Apple and Samsung are in court again. Again! But, when you spend the grueling, hard time to come up with something novel, you do not and cannot allow someone to just appropriate it without giving you credit. You also are entitled to payment.
Apple and Samsung are disputing patents though. This case and some recent client consultations I have had make me think this is a good time to go over the basics of idea protection in the United States. Let us begin with some basic definitions. Copyright is handled through the US Copyright Office. Trademark and patent are both registered through the same office aptly called the US Patent and Trademark Office.
Copyright is the simplest and least disputed of the three registrations. The Copyright Office registers original written, performance, photographic and architecture works for a fee as small as $35 per work. The letter ‘c’ in a circle and the year symbolizes the copyright and your claim to the work. The year is important because copyright extends for 75 years from the origination date. You do not have to register a work for it to be protected. From the first moment you create a work, it is protected. If someone violates your copyright and you need intervention from the courts, you will need to register the work.
Trademarks are typically applied to visual symbols or constructions that are used to represent a brand, business, or individual. Often, these symbols or constructions are logos, but not always. You can also trademark phrases. The capital ‘TM’ symbolize your claim of a trademark. Once the claim is registered, you may use the capital ‘R’ in a circle to indicate a registered trademark.
Patents are reviewed for inventions or novel approaches to a task. Three types exist: plant, design, or utility. Utility patent is the most common. Fees required are termed the issue fee and the publication fee. Once your application goes in, a team evaluates whether the submission is indeed unique enough to be considered novel and worthy if patent protection. You may be surprised at what has been able to receive patent protection. Companies are also surprised, which is why patents are the subject of many legal claims and disputes.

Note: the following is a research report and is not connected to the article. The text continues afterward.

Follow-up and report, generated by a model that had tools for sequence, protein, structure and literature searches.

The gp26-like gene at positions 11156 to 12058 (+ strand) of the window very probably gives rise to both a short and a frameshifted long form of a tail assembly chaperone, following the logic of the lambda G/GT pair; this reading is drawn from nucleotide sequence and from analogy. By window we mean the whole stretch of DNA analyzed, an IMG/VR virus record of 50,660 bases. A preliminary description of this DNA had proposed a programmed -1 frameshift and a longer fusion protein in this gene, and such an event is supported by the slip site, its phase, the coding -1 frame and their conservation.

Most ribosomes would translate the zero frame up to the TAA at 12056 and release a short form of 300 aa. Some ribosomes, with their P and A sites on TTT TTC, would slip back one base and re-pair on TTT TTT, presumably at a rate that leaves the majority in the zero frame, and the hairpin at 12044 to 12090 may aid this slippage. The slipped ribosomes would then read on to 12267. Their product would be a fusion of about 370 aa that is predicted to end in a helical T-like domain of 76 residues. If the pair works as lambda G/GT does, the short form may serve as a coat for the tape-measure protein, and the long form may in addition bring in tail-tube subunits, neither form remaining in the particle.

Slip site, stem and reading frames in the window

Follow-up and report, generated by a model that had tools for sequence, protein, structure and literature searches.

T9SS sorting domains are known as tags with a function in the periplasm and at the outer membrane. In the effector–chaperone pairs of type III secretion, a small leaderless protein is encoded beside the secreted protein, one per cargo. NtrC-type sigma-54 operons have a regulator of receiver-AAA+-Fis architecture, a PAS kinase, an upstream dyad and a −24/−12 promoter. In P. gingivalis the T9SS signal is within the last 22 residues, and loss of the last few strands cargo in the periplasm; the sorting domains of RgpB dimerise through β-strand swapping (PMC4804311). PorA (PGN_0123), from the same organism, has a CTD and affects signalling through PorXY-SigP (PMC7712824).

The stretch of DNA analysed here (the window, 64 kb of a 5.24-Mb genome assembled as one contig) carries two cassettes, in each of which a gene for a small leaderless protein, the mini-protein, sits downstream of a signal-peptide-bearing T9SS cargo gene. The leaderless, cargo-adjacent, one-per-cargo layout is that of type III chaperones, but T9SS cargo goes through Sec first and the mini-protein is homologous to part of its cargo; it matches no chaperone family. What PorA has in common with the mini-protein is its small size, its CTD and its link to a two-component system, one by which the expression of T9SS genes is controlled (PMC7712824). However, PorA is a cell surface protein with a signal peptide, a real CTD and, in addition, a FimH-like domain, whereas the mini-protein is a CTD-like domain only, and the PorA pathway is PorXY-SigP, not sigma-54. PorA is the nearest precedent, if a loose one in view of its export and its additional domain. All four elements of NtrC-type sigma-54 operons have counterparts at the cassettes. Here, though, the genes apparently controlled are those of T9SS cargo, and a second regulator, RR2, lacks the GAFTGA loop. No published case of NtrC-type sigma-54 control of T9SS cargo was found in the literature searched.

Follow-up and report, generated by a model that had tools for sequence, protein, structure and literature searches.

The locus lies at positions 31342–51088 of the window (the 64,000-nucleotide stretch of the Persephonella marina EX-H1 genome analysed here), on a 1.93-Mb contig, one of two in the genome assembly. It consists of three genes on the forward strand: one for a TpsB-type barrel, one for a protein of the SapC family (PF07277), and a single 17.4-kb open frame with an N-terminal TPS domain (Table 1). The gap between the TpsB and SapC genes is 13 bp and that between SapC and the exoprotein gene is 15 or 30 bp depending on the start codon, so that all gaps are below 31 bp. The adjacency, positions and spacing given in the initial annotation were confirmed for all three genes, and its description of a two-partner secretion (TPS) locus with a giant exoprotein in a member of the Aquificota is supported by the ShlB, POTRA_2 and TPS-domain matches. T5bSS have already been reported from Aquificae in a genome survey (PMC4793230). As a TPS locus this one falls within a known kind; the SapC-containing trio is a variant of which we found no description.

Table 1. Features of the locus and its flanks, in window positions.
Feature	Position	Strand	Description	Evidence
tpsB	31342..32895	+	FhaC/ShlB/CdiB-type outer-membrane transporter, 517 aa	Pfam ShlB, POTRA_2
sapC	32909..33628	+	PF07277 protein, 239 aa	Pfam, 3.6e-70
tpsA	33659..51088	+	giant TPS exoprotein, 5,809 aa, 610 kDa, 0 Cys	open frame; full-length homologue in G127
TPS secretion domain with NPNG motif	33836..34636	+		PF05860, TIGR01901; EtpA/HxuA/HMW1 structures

Let’s say that you have written a book. Once you have typed it out in a tangible form, it is your original work and therefore copyright eligible. You can feel free to use the copyright symbol to let others know that the work is yours and eligible for copyright registration. In order to register the copyright, you must complete forms from the USPTO and submit a copy of the work to be archived.
You may design a book cover for the book with a unique symbol that is also your unique creation. You think to yourself, “This would make a great t-shirt line.” You will want to trademark the design. Remember, it’s not the t-shirt itself you are trademarking. Fill out the requisite USPTO forms and include a description and digital copy of the design. This protects the work from copy cats.
While playing around with t-shirt designs, you cut one down the front. You see in a unique clasp system that creates a ruffle effect down the front. The sewing technique, clasp system, and the combinatory ruffle effect could each be the subjects of patents. You will often want a mechanical engineer to map and illustrate precisely the process and result. You fill out paperwork and seek to protect your original work from knock offs.
Remember, registration of your work does not mean that others will not infringe, copy, or knock off. If someone takes your work as their own, you still have to go to court to defend your registration. Registration is your ace in court to prove to the judge that your ideas have been appropriated without your consent or compensation.